But many people argue that facial recognition is a powerful and efficient tool for keeping people safe. It could also be used for finding missing people. Instead of banning the technology, they say cities should create rules for how it’s used.

“It is ridiculous to deny the value of this technology in securing airports and border installations,” says Jonathan Turley, a constitutional law expert at George Washington University in Washington, D.C. “It is hard to deny that there is a public safety value to this technology.”

A Breakthrough in Policing?

You’re probably already familiar with facial recognition. It’s used to tag friends on Facebook, unlock iPhones, and add filters on Snapchat.

It’s becoming increasingly common in police departments too. Although it’s difficult to say exactly how many use the technology, a 2016 C.P.T. study found that at least a quarter of state and local police departments have the ability to run facial recognition searches.

Typically, police upload an image of someone—which could come from a phone or any of the numerous cameras posted on buildings, on street corners, or in businesses and stores that we pass by each day—to a computer with facial recognition software. The software scans the image and compares it to a database of known people, such as a catalogue of mug shots from previous arrests. Thirty-one states also allow police to access driver’s license photos, according to the C.P.T. study (see “How Facial Recognition Works,” below).

Police say the technology, which can search through databases of millions of people in mere seconds, saves them valuable time. In New York City alone, it led to nearly 1,000 arrests in 2018. In other parts of the country, it’s helped lead to the arrest of a trio of suspected jewel thieves, people who the authorities said were trying to enter the U.S. under fake names, and a man who killed five people in a mass shooting at the offices of a Maryland newspaper in 2018.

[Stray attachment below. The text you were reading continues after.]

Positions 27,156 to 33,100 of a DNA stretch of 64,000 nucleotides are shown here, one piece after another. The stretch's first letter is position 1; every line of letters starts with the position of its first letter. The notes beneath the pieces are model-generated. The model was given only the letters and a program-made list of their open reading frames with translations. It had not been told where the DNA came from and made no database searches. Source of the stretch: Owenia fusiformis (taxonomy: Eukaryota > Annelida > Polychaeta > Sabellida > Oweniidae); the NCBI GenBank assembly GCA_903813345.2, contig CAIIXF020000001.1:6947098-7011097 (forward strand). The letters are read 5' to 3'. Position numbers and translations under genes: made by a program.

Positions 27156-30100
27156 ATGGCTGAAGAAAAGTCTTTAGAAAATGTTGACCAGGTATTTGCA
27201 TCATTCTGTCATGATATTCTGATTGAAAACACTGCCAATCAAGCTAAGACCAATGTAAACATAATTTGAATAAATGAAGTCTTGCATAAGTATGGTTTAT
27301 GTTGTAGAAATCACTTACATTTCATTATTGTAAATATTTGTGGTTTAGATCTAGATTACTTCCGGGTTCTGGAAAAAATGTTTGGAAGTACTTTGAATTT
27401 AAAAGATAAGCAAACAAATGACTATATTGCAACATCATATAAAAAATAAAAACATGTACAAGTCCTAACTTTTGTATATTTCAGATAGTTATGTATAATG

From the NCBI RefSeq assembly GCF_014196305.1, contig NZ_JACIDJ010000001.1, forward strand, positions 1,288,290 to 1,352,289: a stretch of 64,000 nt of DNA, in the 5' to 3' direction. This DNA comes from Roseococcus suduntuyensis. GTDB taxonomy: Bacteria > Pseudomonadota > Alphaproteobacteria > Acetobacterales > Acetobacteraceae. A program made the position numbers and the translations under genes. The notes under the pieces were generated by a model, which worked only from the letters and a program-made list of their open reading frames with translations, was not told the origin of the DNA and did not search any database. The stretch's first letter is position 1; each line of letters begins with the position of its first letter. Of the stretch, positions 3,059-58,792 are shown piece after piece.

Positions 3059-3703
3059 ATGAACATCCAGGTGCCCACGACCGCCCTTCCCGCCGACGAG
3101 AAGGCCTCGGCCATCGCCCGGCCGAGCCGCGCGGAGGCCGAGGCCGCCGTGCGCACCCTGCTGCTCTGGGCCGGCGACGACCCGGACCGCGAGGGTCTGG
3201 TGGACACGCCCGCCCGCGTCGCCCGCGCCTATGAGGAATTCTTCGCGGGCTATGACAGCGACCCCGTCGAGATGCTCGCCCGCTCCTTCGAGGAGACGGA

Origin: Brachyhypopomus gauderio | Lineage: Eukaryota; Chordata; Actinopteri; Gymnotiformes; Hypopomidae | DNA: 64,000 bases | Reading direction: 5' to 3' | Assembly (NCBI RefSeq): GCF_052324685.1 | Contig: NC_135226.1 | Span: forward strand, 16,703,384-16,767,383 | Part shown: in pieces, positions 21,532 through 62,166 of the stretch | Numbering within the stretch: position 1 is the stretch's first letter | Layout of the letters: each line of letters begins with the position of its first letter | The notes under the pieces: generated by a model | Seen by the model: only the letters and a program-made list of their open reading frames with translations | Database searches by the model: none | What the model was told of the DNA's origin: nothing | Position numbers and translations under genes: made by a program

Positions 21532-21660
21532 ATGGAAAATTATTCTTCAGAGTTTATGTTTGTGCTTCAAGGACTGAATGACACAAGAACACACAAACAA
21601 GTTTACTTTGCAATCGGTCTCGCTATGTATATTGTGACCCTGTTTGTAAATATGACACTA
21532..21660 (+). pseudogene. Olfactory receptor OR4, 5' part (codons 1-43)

Last December, police in Pennsylvania used the technology to nab a man who they say had assaulted a 15-year-old back in 2016. “If it wasn’t for facial recognition, it would still be an open case,” says Michael Zinn, an officer in York, Pennsylvania.

You’re probably already familiar with facial recognition. It’s used to tag friends on Facebook, unlock iPhones, and add filters on Snapchat.

It’s becoming increasingly common in police departments too. Although it’s difficult to say exactly how many use the technology, a 2016 C.P.T. study offers at least one estimate. It found that at least a quarter of state and local police departments have the ability to run facial recognition searches.

Typically, police upload an image of someone to a computer with facial recognition software. The image could come from a phone. It could also come from any of the many cameras that we pass by each day. You can spot these cameras on buildings, on street corners, or in businesses and stores. The software scans the image and compares it to a database of known people. That might include a collection of mug shots from previous arrests. Thirty-one states also allow police to access driver’s license photos, according to the C.P.T. study (see “How Facial Recognition Works,” below).

The technology can search through databases of millions of people in mere seconds. Police say it saves them valuable time. In New York City alone, it led to nearly 1,000 arrests in 2018.  Facial recognition has been helpful to police in other parts of the country. It helped lead to the arrest of a trio of suspected jewel thieves and people who the authorities said were trying to enter the U.S. under fake names. And it aided police in catching a man who killed five people in a mass shooting at the offices of a Maryland newspaper in 2018.

Last December, police in Pennsylvania used the technology to nab a man who they say had assaulted a 15-year-old back in 2016. “If it wasn’t for facial recognition, it would still be an open case,” says Michael Zinn, an officer in York, Pennsylvania.

Saul Loeb/AFP/Getty Images (Surveillance)

Facial recognition for law enforcement on display at a tech conference in Washington, D.C.

Biases & Mass Surveillance?

However, there are concerns about the technology’s accuracy. A recent study by the Massachusetts Institute of Technology found that the facial recognition systems created by I.B.M., Microsoft, and Amazon were much better at identifying the gender of white men’s faces than that of darker-skinned or female faces.